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Help finding the spring constant in a magnetic field

  1. Apr 29, 2013 #1
    1. The problem statement, all variables and given/known data
    Consider a wire loop in a 1.88 T magnetic field (coming out of the board at a 55.0° angle). The loop is 0.300 m tall and 0.400 m wide, carrying a 2.90 A current traveling in a clockwise direction. The loop feels a torque that causes the spring to compress. If the spring is compressed by 4.30 mm, what is the spring constant?


    The attempt at a solution
    This is what i tried. I don't feel I am getting the right answer.

    Torque is T = IABsinθ
    (2.90 A)(0.120 m^2)(1.88 T)sin(55.0) =0.536

    I know that Torque is also = Frsinθ
    I then rearranged the formula to get F = Torque/rsinθ (0.536)/(0.15)(sin55) = 4.36 = F

    I plug my Force value into the F=kx formula. In order to find k, I did (4.36)/(0.0043) which gave me k = 1013.9

    This does not seem correct to me. Where did I go wrong?
     
  2. jcsd
  3. Apr 29, 2013 #2

    NascentOxygen

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    Staff: Mentor

    Hi enforcer53, [Broken]

    I think we'd need to see the diagram.
     
    Last edited by a moderator: May 6, 2017
  4. Apr 29, 2013 #3
    Here are the diagrams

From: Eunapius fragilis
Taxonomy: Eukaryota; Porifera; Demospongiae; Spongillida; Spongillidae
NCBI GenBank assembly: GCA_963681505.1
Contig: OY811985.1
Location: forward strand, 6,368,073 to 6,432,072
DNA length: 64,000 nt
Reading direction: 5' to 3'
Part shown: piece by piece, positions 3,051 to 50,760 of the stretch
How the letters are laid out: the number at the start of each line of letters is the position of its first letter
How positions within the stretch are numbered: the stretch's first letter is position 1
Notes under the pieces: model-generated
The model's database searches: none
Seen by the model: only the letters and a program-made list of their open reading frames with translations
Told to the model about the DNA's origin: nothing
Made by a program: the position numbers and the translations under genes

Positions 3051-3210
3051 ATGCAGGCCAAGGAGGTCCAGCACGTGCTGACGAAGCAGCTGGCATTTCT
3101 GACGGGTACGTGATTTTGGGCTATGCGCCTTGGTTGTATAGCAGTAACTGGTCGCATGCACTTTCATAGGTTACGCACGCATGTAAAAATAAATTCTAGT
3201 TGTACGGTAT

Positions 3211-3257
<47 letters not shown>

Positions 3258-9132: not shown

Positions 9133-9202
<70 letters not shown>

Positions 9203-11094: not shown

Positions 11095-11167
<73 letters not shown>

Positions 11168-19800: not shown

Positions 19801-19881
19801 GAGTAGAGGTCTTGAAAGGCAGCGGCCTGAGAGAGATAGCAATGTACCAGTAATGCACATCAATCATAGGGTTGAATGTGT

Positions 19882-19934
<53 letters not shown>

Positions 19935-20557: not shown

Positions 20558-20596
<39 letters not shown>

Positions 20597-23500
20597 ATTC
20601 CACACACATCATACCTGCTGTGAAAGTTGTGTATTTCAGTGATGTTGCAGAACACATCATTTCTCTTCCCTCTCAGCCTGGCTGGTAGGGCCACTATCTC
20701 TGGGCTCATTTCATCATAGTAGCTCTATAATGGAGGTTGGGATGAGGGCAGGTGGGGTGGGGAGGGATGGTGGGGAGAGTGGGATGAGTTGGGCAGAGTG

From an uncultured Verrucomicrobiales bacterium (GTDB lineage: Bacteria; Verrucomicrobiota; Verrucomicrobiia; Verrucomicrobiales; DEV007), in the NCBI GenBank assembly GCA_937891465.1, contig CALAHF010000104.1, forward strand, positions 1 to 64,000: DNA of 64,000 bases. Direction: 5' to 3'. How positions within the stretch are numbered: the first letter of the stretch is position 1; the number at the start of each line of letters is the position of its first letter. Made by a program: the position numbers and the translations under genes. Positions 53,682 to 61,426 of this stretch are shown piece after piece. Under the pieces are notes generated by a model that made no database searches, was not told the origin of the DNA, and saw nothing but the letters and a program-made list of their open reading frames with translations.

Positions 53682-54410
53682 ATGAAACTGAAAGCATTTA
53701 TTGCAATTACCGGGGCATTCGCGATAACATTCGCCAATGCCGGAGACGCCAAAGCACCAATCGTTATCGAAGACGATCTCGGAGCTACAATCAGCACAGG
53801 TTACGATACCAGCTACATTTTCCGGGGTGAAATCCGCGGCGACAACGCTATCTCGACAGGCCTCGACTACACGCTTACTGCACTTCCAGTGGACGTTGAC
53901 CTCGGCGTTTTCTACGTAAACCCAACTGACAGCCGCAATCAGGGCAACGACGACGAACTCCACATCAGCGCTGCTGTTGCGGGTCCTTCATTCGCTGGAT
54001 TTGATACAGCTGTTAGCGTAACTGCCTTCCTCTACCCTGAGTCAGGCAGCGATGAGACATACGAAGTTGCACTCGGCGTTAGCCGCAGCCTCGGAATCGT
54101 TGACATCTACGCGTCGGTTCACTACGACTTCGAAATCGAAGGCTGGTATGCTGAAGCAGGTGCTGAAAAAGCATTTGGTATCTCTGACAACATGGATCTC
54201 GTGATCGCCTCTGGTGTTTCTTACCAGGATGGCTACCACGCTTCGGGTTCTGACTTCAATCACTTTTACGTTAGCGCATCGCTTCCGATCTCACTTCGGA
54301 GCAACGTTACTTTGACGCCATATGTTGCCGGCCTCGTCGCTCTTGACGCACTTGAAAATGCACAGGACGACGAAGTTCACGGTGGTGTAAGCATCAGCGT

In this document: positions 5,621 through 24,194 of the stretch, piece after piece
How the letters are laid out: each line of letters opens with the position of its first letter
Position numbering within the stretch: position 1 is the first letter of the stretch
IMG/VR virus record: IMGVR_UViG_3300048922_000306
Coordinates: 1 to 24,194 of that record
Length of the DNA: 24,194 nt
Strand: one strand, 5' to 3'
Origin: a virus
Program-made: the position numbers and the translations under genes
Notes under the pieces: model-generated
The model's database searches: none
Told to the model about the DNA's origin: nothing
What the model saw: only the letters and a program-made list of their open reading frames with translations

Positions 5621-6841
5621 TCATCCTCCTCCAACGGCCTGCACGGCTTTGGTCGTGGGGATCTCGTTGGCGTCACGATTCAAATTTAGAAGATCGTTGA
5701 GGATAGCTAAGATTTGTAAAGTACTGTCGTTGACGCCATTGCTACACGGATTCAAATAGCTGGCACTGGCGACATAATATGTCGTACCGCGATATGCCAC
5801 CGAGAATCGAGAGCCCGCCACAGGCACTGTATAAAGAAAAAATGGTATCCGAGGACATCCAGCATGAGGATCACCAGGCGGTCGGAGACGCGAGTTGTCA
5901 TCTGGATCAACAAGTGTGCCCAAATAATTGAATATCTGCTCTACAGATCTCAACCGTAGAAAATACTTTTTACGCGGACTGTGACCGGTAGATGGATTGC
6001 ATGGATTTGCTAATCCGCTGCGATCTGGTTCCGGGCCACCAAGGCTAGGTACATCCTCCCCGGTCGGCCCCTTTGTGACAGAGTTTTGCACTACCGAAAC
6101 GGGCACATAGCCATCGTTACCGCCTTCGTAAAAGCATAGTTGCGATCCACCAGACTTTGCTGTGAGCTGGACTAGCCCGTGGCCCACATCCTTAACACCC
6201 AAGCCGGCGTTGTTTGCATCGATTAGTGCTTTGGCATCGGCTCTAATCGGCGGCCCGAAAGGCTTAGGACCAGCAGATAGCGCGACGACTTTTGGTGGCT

Attached Files:

  5. Apr 30, 2013 #4

    NascentOxygen

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    Staff: Mentor

    Okay. Where did you get this equation from:
    If you resolve B into a component normal to the plane of the loop and a component within the plane of the loop, you will, I think, see that as far as the current-carrying-loop is concerned, only one side contributes a force which the spring can oppose.
     
  6. Apr 30, 2013 #5
    I got the IABsinθ equation from class. I gave this problem another try.

    I set it up so Kx = ILBsinθ. I rearranged to get K = ILBsinθ/x... Plug and chug (2.90)(0.400)(1.88)(sin55)/(0.0043) = 415.4

    Am I getting closer?
     
  7. Apr 30, 2013 #6

    NascentOxygen

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    How did you decide what value to use for L?
     
  8. Apr 30, 2013 #7
    The dimensions of the loop are 0.400 and 0.300. So I used the length of 0.400
     
  9. Apr 30, 2013 #8

    NascentOxygen

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    Why did you decide on 0.400?
     
  10. Apr 30, 2013 #9
    Ah, but what is the length of the side of the current in which we are concerned with in opposing the spring?
     
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